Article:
This blog was quiet for the month of December-- I was in Laos, a small country in Southeast Asia sandwiched between China, Burma, Vietnam, Thailand and Cambodia, where I had little or no internet access. Laos has the distinction of being the most bombed country ever in the history of the planet--US forces would drop their unused bombs there en route back to their base during the Vietnam war--likely figuring that it was an uninhabited patch of jungle. As a traveler I was poignantly aware of this fact. All over the city of Luang Prabang there are flowers planted in old missile casings. And it's a tough place to go hiking without a guide unless you want to visit one of the many limestone caves were thousands of people lived during the Vietnam war. (The cave in these pictures housed 23,000 people for five years!) In many locations, there are unexploded bombs that continue to rise to the surface with time, that claim the limbs of lives of both adults and children, whether they are working or playing. "It's not safe," I heard over and over as I asked about scrambling up dramatic peaks in the central part of the country where I was traveling. "You must go with a guide."
Ultimately I stuck to cycling and exploring Laos by river. The people were warm and welcoming, the food was full of mouth burning hot chopped chilis and lemongrass and sticky rice. But Laos reminded me of the big challenges of trying to make the world an environmentally better place from the small to the large. Go to the market and everything is in plastic bags--food, dry goods, everything. Walk down to the river, and women are washing their laundry with commercial, chemical detergent in the river while their kids are bathing next to them, and a pipe directly next to them is bringing drinking water up to the village. Fisherman are right there too, catching dinner--precleaned with shampoo and detergent. Anything that moves is considered food and sold in the market--from rats to songbirds to bugs. Slash and burn agriculture is still considered the most effective farming technique. Clearing jungle to grow teak is the closet a Laotian can come to having a 401K.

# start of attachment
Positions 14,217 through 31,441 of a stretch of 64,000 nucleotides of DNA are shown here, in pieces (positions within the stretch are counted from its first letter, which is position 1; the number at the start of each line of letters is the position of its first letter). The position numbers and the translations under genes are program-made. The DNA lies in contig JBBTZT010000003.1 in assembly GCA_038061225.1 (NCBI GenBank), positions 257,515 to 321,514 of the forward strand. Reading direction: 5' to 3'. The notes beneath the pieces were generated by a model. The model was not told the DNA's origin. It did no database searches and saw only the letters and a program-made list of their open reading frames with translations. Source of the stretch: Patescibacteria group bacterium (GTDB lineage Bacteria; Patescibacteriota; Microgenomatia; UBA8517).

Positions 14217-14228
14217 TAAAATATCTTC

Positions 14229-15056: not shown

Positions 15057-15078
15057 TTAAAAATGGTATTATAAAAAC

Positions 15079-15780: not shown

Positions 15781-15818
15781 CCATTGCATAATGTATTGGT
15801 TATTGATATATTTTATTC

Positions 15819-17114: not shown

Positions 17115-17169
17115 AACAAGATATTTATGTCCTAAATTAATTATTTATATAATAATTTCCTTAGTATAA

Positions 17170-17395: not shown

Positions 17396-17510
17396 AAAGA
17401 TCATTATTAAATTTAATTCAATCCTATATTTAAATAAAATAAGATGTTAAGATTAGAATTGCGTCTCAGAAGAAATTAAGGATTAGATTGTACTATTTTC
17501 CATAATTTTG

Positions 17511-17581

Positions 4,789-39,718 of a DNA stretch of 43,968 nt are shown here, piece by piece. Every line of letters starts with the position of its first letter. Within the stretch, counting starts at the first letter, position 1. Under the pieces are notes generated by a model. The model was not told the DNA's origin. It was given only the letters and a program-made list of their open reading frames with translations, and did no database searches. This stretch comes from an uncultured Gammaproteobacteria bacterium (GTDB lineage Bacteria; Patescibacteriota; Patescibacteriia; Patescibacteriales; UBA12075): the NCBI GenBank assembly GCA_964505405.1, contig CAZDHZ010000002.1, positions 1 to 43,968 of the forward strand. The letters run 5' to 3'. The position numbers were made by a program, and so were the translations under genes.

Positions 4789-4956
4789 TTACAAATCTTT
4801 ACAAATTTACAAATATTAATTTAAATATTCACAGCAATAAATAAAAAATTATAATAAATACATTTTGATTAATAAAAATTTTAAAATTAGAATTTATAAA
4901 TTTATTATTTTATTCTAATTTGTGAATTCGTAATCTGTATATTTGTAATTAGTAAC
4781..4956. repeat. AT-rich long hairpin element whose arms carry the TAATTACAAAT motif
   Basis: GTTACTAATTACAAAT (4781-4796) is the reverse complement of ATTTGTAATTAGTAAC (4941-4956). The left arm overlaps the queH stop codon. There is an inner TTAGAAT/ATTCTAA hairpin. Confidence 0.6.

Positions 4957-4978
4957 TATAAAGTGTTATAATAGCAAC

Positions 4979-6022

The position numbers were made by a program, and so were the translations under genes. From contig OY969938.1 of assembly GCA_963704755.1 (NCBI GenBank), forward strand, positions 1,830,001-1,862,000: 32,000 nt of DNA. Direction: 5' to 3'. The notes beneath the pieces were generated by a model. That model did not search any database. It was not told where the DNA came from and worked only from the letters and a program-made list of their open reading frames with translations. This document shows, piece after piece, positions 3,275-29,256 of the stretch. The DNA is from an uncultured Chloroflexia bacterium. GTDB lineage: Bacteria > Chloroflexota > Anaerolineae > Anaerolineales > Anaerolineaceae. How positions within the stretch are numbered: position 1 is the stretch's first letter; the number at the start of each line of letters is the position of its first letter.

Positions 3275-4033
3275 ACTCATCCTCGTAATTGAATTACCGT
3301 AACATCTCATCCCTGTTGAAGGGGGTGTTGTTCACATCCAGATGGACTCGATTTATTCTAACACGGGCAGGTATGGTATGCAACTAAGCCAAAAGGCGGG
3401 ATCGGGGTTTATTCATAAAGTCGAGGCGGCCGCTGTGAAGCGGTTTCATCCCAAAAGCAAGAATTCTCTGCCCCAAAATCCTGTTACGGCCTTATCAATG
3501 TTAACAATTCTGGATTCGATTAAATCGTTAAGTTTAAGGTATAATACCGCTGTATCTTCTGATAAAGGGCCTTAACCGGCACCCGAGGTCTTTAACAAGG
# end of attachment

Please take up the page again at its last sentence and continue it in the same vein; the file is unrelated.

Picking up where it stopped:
On the flip side, meeting many Laotians as well as travelers from all over the world reminded me that it's possible to respect each other and work together despite religious, language or cultural differences. When I travel I am always reminded not to make assumptions... about anything. So that's front of mind for me as I enter 2010--keep the feeling of freedom of the road alive, embrace differences and find that common ground, that place where we can work together... and never make assumptions.